UN assesses SEA risks in DR Congo


That the United Nations (UN) peacekeeping mission in Democratic Republic of Congo (DRC) takes sexual abuse and exploitation (SEA) seriously was ably shown when eight South African soldiers were suspended and repatriated in October.

Further evidence of the strong stance adopted by MONUSCO on this issue comes with the deployment of multi-disciplinary risk assessment teams. Their task, according to Erin Kennedy on the MONUSCO website, is to identify and understand the risks of SEA by UN personnel. The South African soldiers were allegedly caught fraternising in places known for promoting transactional sex, prohibited by a UN Secretary-General zero tolerance policy on SEA.

Since October, conduct and discipline teams assessed risk factors in over 28 rural and urban areas, visiting places in three provinces where MONUSCO personnel are deployed and where misconduct is likely to occur. This includes brothels, bars and markets, often set up near MONUSCO bases. Armed with their findings, MONUSCO will upgrade preventive and response measures.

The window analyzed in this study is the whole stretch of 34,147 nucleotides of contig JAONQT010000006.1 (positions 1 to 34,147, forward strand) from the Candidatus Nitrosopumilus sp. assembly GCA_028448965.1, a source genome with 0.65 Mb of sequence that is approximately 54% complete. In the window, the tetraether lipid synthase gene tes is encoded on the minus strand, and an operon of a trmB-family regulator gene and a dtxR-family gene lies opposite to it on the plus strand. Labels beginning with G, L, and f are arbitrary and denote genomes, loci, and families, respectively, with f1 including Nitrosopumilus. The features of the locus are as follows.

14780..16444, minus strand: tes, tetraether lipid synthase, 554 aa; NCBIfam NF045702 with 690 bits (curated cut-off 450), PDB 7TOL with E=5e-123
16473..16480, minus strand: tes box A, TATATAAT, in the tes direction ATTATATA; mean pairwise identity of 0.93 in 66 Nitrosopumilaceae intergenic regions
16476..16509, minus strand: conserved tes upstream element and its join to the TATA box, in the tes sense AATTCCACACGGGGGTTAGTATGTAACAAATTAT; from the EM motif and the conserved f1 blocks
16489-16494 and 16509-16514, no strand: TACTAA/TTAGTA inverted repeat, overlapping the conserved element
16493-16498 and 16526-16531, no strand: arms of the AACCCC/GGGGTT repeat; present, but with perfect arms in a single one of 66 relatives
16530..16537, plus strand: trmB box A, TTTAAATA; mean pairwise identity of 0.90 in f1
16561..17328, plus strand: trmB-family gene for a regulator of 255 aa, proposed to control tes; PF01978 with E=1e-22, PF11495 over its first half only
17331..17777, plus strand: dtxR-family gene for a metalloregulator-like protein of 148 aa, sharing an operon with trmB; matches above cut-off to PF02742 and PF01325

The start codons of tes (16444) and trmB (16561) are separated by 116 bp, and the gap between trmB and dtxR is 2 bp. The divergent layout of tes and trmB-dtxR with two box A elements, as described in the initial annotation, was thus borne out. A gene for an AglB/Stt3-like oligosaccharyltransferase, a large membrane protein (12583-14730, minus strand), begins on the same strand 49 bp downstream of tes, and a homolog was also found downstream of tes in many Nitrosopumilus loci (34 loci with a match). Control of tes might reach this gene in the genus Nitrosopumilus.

To further deter UN personnel from visiting prohibited areas, UN military police and UNPOL formed police units conduct joint patrols and have intensified checkpoints to screen employees for alcohol and substance abuse. Detecting unauthorised passengers in UN vehicles are also on the to-do list for police.

“MONUSCO,” according to Kennedy, “strongly condemns any sexual exploitation and abuse as it has a devastating impact on victims. The rights and dignity of victims are central to UN efforts to prevent and respond to sexual misconduct and MONUSCO stepped up preventive, enforcement and remedial measures”.